The Horse of the River: A Camp Canyon Falls Adventure
by Sari Cooper (Harbour Publishing $12.95

Review by Margot Fedoruk (BCBW 2020)

Twelve year-old Gillian has never been away from her family until she's sent to a month-long horse riding camp near Lytton.

Her mother tries to give her a pep talk as she's leaving. "Riding is where your heart is. Go. Commune with the horses and live in the woods."

On the car ride to the bus, Gillian's father tries to ease her fears with bad horse puns: "I hope you brought your jacket," he says, "I've heard it can get pretty colt up there when it’s time to hit the hay."

Gillian is so anxious that she's bombarded with warnings from the little voice in her head whom she has named 'Stella.' This is the set up for Sari Cooper's debut YA novel, The Horse of the River: A Camp Canyon Falls Adventure, about a young girl coming of age. Arriving at the camp, Gillian continues to struggle with doubts and fears. After a ghost story around the campfire, the next morning she wakes up in a state. "It hadn’t been the best night's sleep. She wasn't used to crickets all night, and the wind whistled as it passed through cracks in the cabin’s roof," writes Cooper. "The bunk beds also creaked whenever someone rolled over. And every time she drifted to sleep, images of a ghost horse galloped through her mind."

The Horse of the River covers plenty of subjects: homesickness, sibling and group dynamics, acquiring a natural style of horsemanship, and how to stay calm in a harrowing situation. The main protagonist, Gillian, learns how to make friends not only with difficult people but with a difficult paint horse nicknamed 'The Beast.' Cooper also allows her protagonist to discover that you can have a hobby you enjoy without feeling the need to be competitive; in this case Gillian's love of swimming, something that her 16-year-old sister excels at.

The riding games and activities are well researched and feel realistic. They include guiding reluctant horses in an obstacle course through a hanging sheet, kicking a tethered soccer ball, and maneuvering a horse into a wading pool. Learning the commands to communicate with a horse are skills that will prove useful for Gillian later in the story. In between a myriad of horse camp activities and rising tension with some of the girls, Cooper provides bits of humorous dialogue: "I heard he [the horse named General] ate a kid one year," said a girl from cabin one.

"Shut up! He did not...horses are vegetarians."

The Horse of the River highlights the best part of summer camp, such as ghost stories around a campfire, water fights, and trail rides. The 'no cellphone' rule creates an interesting element to the story when readers discover some old-fashioned handwritten letters. It is fun to eavesdrop on Gillian's correspondence with her older sister Alexis, who is busy training with her swim team in the city. Another nice touch is a two-page drawing of the terrain of Camp Canyon Falls along with a well-designed book cover, bearing an illustration of a dark horse with a flying mane.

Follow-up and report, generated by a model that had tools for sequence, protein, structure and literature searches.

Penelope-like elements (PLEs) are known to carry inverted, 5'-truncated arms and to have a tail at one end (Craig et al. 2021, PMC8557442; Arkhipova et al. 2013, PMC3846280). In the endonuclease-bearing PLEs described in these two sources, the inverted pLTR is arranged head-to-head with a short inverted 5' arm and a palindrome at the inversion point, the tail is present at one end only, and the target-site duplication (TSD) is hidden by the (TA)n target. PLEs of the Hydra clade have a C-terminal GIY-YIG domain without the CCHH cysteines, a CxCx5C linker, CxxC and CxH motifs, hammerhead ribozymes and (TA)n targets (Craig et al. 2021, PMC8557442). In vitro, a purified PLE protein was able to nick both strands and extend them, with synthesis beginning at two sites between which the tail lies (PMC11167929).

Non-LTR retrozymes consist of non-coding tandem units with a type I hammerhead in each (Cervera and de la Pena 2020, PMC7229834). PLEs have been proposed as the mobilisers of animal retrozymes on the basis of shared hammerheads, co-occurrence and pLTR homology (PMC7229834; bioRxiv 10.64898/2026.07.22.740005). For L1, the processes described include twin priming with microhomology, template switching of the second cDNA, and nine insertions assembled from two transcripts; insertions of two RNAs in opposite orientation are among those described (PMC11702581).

The fictional camp is set in the remote interior, amidst the high rocky ridges and cold rushing rivers near Lytton, populated with bears and other potentially dangerous wildlife. Although touted as an adventure story, it is not until the final four chapters of The Horse of The River that the real action begins -- and it does deliver. Gillian must silence 'Stella -- the voice in her head -- to keep calm in order to survive a challenging situation.

The back jacket suggests it is written for the 9 to 12-year-old crowd, but a prank that involves stealing some of the girl's beloved stuffies toys would appeal to the younger end of the suggested audience. The book also contains opportunities to build up a stellar horse vocabulary, words including canter, trot, gait, and hackamore (a soft bitless bridle).

Physician and first-time author Sari Cooper had her two daughters in mind when she wrote The Horse of the River; they were 8 and 12 when she was writing it. When asked why it was important for her to have a strong female character as the protagonist, Cooper explains, "I wanted to portray these sorts of relationships and show the strength that girls and women can give to each other."

Cooper got her idea for the story after a family horseback riding and rafting trip in New Zealand. She also used her cherished childhood memories of summer camp in Ontario.

The Horse of the River fits in with the long list of horse stories that children just can't seem to get enough of. If you know a girl who loves horses and summer camp, this is a story that will appeal. And if your child gets hooked, there are more books to come, Cooper reveals: "The camp will face a risk in the future. There may be some changes to the surrounding landscape that threaten the environment and spook the horses, putting the kids at risk."

If Sari Cooper had the goal of writing a book filled with a cast of strong positive female characters, she has succeeded. 9781550178777

Margot Fedoruk's writing includes personal essays in the Globe and Mail, Portal 2019, and Island Parent magazine. She has a BA from the University of Winnipeg and is currently pursuing a creative writing degree at Vancouver Island University.